The ‘Beautiful Game’: LGBT+ inclusion in modern football

Britain’s only openly LGBT+ professional footballer has come out as gay. On International Day Against Homophobia, Biphobia and Transphobia, we examine if this is a watershed moment for inclusivity or a stark reminder of the progress to be made in the global sport.

Just a day before International Day Against Homophobia, Biphobia and Transphobia, 17-year-old Blackpool forward Jake Daniels has come out as gay, making him the only openly gay professional footballer in Britain. Perhaps more shockingly, he is the first openly LGBT+ professional footballer since Justin Fashanu, who came out in 1990.

Daniels spoke of his “relief” to make the announcement and credited the visibility of other openly LGBT+ athletes including British Diver Tom Daley and Adelaide United footballer Josh Cavallo in giving him the courage to come out.

The announcement drew praise from the Prime Minister, various charities and other footballers. England Captain Harry Kane said that Daniels deserved “massive credit”, and that “football should be welcoming for everyone”.

LGBT+ in football

It is particularly powerful that Daniels chose to come out the day before International Day against Homophobia, Biphobia and Transphobia, the international day that seeks to raise awareness of discrimination against LGBT+ people.

Just yesterday, the International Lesbian, Gay, Bisexual, Trans and Intersex Association published their 2022 Rainbow Europe report, in which the UK dropped from 10th to 14th place. Indeed, in recent years anti-LGBT+ hate crime in the UK has increased significantly. Between 2016/17-2020/21, police recorded that hate crimes against the LGBT+ community in England and Wales almost tripled, and this is likely to be much lower than the real figures due to underreporting.

Our LGBT+ Commission recently held an inquiry session on LGBT+ hate crime, in which CEO of Galop (a charity for LGBT+ victims of abuse), Leni Morris revealed that their pre-pandemic polling found 1 in 5 people in the UK still think that being LGBT+ is immoral, and that 1 in 10 believe that LGBT+ people are a danger. You can watch the full video below:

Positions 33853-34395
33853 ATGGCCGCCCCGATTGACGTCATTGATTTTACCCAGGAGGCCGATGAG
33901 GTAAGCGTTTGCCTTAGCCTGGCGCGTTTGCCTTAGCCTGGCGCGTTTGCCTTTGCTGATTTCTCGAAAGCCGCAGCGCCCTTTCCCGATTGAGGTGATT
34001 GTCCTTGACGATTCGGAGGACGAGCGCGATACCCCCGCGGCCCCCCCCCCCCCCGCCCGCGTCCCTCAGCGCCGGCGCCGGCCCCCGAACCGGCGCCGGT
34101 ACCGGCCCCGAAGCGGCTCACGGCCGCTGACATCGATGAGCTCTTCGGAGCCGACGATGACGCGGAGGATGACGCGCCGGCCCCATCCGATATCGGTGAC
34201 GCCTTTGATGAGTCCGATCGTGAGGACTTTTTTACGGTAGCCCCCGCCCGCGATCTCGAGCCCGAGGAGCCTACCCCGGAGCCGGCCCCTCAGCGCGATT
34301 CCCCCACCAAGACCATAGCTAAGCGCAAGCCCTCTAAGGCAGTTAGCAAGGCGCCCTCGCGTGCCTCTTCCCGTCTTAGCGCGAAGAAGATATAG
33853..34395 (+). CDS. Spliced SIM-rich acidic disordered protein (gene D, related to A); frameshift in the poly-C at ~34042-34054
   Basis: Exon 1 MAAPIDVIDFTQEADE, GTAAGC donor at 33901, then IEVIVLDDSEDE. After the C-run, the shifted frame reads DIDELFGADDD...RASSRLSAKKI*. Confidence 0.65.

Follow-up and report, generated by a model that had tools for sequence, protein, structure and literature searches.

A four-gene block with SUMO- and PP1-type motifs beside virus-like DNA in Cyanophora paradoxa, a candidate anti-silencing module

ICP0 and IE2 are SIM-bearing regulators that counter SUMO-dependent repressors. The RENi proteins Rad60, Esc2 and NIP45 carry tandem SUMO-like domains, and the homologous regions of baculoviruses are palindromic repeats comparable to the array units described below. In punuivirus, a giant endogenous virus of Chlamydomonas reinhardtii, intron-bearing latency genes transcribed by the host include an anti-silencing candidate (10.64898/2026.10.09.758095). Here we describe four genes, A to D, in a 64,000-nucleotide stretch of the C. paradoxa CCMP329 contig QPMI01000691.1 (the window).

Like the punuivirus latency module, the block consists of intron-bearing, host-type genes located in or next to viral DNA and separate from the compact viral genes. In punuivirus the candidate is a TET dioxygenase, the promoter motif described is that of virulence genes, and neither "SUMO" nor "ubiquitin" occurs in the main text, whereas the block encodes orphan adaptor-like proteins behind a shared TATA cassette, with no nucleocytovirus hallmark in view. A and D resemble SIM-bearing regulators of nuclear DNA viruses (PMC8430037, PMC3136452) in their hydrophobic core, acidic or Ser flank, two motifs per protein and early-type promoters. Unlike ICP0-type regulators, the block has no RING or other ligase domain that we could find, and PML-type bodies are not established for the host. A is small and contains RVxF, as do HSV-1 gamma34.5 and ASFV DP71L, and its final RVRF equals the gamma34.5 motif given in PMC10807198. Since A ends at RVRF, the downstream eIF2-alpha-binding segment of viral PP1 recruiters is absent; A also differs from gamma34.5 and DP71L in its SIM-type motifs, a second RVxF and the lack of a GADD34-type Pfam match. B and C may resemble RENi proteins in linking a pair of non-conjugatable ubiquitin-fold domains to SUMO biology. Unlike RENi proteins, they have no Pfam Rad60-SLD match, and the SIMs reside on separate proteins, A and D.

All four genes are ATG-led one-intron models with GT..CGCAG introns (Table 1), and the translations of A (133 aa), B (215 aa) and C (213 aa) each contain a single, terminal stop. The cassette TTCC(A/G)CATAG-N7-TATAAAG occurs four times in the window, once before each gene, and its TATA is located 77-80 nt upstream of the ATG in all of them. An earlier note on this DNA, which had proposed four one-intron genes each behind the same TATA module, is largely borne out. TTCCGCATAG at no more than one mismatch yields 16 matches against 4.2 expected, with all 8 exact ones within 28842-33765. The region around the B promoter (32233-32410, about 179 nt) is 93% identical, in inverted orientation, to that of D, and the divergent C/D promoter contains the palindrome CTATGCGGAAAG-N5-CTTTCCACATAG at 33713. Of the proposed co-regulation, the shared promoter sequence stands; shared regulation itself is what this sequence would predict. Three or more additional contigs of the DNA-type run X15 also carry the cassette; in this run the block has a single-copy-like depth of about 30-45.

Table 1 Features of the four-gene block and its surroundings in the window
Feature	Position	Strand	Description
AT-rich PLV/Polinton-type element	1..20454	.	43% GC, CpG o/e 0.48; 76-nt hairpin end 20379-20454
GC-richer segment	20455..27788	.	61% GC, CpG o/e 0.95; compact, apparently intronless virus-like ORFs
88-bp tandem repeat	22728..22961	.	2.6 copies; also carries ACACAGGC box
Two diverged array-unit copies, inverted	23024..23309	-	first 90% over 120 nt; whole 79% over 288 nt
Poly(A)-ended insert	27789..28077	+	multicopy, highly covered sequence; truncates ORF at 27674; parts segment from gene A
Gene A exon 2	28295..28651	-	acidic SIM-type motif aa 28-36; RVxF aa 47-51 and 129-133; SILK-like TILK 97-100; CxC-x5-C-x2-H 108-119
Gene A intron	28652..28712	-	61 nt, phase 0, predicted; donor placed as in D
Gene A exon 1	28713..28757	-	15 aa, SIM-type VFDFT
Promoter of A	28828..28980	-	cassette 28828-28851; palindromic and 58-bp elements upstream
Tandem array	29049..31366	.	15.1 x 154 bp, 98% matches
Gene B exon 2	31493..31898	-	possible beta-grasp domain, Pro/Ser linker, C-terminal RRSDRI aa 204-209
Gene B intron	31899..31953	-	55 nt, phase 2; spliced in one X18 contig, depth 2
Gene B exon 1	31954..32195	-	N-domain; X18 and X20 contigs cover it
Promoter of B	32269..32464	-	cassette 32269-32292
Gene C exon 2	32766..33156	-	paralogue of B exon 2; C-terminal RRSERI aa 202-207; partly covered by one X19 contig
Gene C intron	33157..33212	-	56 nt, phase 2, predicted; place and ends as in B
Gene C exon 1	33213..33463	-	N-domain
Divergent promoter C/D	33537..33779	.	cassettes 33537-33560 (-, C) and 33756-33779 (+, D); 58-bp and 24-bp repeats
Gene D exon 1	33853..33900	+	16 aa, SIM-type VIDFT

Certainly, these homophobic, biphobic and transphobic attitudes have always been very prevalent in British male football, up until today. Justin Fashanu found himself the victim of malicious jokes from his teammates as well as consistent anti-LGBT+ abuse from the fans. The lack of openly gay or gender-queer players in the men’s game since then has not stopped this.

Earlier this season in the Premier League, after Liverpool fans chanted “Chelsea rent boy” at Billy Gilmour, a Chelsea player on loan at Norwich. That Gilmour is not gay was immaterial to the fans, speaking to a broader culture of homophobia in football that transcends individual instances of abuse.

Final thought

In truth it is rather unsurprising that large corporations, politicians and other famous footballers have been supportive of his announcement. The real measure of whether this will be the ‘watershed’ moment that some have suggested, will be in Blackpool’s next game, and in the treatment he receives from fans, both home and away.

Public figures have rightly praised his bravery for coming out, however creating a safe space for LGBT+ players in top level football cannot be done by supportive tweets from twitter accounts with blue ticks. Football belongs to the fans, and likewise it is up to the fans to create a safe and welcoming environment for LGBT+ players. If we cannot do this, then there is no reason to think that this is a watershed moment. If Daniels is greeted by a torrent of homophobic abuse in the next Blackpool game, it is hard to see how this will give other players the confidence they need to come out.

Clearly the solidarity that his teammates, manager and the club have shown is encouraging, however the job of making football a safe space for LGBT+ people is clearly not done, and there are good reasons to question whether it has even started.

Photo credit: Blackpool FC

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